As a child, Francis Onekalit was kidnapped and forced into the Lord's Resistance Army (LRA)—a rebel group terrorizing Northern Uganda. Refusing to remain a child soldier, Onekalit escaped. Today, he is working with the Invisible Children organization to raise awareness of the plight of families—especially children—who survived the attacks of the LRA.
Regent Law’s Center for Global Justice cosponsored the March 9th University Chapel service which featured Onekalit and other representatives from Invisible Children. The organization is dedicated to raising awareness among young people to help end the longest running war in Africa.
Invisible Children has developed programs in Uganda that focus on long-term development, working directly with individuals and institutions, to best understand the needs of these war-affected areas. They rebuild schools, provide scholarships, employ mentors that holistically oversee healthy development for their students, and they have implemented micro-economic initiatives and run a tailoring center that provides training in savings, investment, numeracy, literacy and health.
Even though he was only 11 when he was kidnapped by the LRA, Onekalit didn't let that stop him; he managed to escape and pursue an education. "I didn't give up my life," he said. "I went back and finished high school." Today he is a mentor with Invisible Children, working with 30 students in Northern Uganda who have suffered under the LRA.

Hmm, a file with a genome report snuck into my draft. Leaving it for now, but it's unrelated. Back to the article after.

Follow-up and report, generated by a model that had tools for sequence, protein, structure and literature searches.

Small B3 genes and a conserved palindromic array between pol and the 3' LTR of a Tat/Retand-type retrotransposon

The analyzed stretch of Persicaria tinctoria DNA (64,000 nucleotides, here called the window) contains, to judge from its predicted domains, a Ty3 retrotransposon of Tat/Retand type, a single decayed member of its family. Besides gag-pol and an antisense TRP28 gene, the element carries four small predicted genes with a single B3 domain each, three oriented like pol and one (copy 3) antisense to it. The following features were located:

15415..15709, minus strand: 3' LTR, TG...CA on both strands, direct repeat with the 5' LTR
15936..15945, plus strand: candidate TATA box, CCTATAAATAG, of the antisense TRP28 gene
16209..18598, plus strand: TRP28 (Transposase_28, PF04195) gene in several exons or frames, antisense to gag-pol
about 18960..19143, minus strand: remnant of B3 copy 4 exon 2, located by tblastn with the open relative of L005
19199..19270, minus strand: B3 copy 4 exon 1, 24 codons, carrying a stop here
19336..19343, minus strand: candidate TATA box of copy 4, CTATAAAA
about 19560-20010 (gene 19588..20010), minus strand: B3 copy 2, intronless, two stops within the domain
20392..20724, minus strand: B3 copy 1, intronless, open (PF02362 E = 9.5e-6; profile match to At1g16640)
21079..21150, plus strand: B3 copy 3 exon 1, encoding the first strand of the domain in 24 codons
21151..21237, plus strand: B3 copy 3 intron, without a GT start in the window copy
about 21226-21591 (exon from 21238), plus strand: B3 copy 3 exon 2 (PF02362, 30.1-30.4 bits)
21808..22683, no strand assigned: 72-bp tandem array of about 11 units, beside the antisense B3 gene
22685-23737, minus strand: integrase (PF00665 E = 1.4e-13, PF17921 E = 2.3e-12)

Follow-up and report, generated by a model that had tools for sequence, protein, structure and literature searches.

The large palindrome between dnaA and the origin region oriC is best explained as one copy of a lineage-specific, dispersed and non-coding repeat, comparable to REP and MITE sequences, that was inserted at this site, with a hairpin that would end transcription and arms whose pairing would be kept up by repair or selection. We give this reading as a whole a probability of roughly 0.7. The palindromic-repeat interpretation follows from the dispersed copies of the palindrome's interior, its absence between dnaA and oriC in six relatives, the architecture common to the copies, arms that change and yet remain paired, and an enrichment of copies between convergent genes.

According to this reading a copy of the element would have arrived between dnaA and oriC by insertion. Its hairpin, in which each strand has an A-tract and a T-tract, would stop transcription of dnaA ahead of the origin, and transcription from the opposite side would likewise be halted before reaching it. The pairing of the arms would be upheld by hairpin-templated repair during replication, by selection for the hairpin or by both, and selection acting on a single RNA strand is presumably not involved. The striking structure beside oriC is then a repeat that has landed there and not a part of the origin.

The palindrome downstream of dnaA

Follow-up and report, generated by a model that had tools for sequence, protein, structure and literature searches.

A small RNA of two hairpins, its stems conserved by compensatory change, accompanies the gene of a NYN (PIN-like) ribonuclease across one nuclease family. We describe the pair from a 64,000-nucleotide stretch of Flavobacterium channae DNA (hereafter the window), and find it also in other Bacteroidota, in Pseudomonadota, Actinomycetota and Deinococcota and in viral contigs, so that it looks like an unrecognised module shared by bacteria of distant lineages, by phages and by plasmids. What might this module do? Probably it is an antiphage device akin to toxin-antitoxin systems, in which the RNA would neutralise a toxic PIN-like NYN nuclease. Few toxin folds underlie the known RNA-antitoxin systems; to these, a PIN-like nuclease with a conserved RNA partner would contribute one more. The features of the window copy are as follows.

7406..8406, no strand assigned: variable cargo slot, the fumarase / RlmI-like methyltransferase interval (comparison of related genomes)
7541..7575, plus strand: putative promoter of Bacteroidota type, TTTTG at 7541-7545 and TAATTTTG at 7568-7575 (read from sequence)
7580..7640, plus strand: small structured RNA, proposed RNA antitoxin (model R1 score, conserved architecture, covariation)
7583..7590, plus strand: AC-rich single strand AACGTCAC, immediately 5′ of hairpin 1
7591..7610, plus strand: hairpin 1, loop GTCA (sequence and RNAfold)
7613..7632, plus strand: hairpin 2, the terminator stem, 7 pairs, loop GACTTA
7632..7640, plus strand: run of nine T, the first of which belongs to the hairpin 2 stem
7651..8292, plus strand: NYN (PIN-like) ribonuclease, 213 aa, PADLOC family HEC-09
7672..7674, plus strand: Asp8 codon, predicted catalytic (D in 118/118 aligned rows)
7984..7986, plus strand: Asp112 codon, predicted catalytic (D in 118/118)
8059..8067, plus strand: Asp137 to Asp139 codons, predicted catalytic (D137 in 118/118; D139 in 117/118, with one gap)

Onekalit is also traveling with representatives from Invisible Children to raise support for the organization and the people of the Democratic Republic of Congo who are now facing the threat of the LRA. "Whatever happened to me in the past is happening right now in the Congo," he explained. But, in spite of the terrors he's experienced, he stands strong in his faith. "I know with God everything is possible.”
At a luncheon following the service, Dean Brauch and Professor Ash, Director of the Center for Global Justice, met with Onekalit and the other representatives from Invisible Children. The San Diego based group said that not only was this the first time they met the Dean of a school, but that they had never presented to a group so diverse in age as at University Chapel. They said their time at Regent taught them that there is an audience who are receptive to their message but that they have never purposed to reach out to - a lesson which they were eager to share with the whole of their organization in the hopes of broadening the scope of their outreach.